My hope is that a meaningful conversation gets started around the topic. We should all be concerned with entrenchment and how we move forward as an industry.

      I also agree that AB aren’t saints and that they have made a lot of block headed moves. It’s too bad because those short sighted attitudes on AB’s part is stunting progress.

      Let’s keep the conversation alive.

      Thanks.

  3. “If we don learn from history we are doomed to repeat it.” Winston Churchill. AB drove out the regional breweries (Storz, Goetz, etc…)by coming into their neighborhood and undercutting the regionals pricing until they had to fold. AB could take this hit for the long term gain. They are now buying “crafts” and selling them to bars at a highly discounted rate so as to run the independents out of business. Independents cannot discount their beer this much and remain viable. It’s the same thing as 50 years ago but under a different guise. Phil

  4. Hi Thad, So, to summarize:
    – You feel the BA’s definition of craft should move from ‘independence’ to ‘premium’.
    – Because defining it as ‘independent’ is limiting, and the BA focuses too much on ‘protectionism’.
    – AB/Constellation/Heineken/others have invested $2B in premium beer, and that’s ‘good’ helping to ‘raise all boats’.
    – We need to ‘cross the chasm’ because… otherwise craft beer will become ‘depressed’.

    If I missed something, please let me know, but based on this assessment, I have to disagree with you for many reasons:
    1. AB/Constellation/Heineken are operations and finance-driven businesses, not product-driven businesses. They haven’t ‘innovated’ in any meaningful way that is not a cost-saving measure. If they have, please correct me. This is not helping improve quality or innovation in the industry.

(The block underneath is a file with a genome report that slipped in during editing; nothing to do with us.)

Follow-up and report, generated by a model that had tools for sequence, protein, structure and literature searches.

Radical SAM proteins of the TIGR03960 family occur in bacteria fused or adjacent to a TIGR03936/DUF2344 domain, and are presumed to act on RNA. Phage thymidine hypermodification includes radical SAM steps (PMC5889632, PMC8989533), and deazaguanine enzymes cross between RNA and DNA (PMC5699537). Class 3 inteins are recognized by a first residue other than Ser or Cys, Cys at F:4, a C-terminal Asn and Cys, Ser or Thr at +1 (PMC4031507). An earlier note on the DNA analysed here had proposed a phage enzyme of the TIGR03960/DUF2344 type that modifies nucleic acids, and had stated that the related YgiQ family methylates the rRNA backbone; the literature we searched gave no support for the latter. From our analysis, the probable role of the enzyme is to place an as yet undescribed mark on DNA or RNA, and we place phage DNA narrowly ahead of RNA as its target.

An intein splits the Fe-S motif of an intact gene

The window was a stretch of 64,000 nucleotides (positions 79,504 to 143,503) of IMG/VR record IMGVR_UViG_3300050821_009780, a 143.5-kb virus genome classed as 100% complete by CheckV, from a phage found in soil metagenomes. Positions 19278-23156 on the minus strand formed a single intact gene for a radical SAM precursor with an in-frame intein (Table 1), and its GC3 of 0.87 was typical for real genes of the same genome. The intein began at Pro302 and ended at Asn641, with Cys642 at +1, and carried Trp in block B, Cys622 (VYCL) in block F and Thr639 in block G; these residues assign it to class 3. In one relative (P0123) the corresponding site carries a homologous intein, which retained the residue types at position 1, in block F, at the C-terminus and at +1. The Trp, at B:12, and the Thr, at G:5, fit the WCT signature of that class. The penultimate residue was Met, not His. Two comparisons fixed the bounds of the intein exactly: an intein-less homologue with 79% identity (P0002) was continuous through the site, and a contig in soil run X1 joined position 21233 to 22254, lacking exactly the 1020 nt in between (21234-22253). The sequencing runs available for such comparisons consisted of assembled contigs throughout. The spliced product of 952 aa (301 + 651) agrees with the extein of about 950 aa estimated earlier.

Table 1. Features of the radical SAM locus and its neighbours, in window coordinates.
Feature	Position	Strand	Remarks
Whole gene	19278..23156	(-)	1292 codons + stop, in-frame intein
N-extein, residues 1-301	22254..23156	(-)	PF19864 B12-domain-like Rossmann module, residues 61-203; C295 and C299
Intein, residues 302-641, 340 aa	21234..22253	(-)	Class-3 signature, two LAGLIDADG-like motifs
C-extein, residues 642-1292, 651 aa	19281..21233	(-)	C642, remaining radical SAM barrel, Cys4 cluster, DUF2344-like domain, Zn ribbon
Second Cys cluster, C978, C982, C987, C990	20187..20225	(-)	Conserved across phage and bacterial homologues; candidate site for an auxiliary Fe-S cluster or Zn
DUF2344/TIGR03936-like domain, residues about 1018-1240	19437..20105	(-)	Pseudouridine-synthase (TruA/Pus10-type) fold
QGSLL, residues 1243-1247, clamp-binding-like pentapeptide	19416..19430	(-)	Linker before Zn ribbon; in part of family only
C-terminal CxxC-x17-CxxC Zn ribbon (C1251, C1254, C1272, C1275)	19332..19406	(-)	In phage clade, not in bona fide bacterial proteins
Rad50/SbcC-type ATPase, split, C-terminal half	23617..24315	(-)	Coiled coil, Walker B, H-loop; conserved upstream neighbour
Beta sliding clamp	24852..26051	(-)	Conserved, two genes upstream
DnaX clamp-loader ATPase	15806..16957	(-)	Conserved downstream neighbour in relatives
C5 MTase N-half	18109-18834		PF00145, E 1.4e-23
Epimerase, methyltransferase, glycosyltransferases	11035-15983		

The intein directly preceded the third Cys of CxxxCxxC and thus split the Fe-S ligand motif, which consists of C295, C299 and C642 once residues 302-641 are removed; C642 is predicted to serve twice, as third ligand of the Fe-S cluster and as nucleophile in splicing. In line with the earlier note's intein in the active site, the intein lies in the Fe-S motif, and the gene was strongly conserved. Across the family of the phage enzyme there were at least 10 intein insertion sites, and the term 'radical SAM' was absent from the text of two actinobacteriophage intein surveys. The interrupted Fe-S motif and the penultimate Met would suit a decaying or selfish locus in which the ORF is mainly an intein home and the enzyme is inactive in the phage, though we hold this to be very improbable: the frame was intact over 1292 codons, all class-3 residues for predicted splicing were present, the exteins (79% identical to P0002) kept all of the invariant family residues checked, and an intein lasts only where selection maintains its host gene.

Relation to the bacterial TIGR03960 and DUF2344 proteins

2. Since you guys seem to like business school charts, I’ll point you to Porter’s Five Forces, and specifically to ‘Supplier Power’. The big conglomerates use their supplier power every day to crowd out small, innovative, independent breweries (like ours) from retailers. THAT is not raising all boats.
    3. All of the large conglomerate breweries engage in heavy lobbying at the local, state, and federal level to tip the scales in their favor, for example: trying to force breweries into a three-tier system, making it easier to fund draft systems for on-premise accounts to lock out independent breweries, allowing manufacturers to provide glassware, signage, etc. as a legal ‘bribe’ that small producers don’t have the scale or resources to provide. Again, not helpful to the industry, the craft, or for consumers.
    4. This focus on ‘volume’ growth, like it is the only metric we should be aiming for, is misguided and ill informed. Why shouldn’t we focus instead of ‘revenue’ or ‘jobs’ or ‘quality’? If most US consumers were able to get high quality beer fresh from a local brewery paying their people good wages for honest hard work, I would call that a big win for us as a community, as an industry, and as a country.

    I hesitate to question why PKW is going down this path, but let me ask, why are you guys doing this? I am honestly trying to understand the motive here.

    1. Michael

      I want to answer your last question first. What is the motivation for doing this?

      The owners of Portland Kettle Works and Crafting a Strategy are also owners of breweries. This team is very passionate about craft beer, and the good jobs, growth and the hard-working people that make it.

      Short answer:

      1) Because there is this other set of real and important facts that is being ignored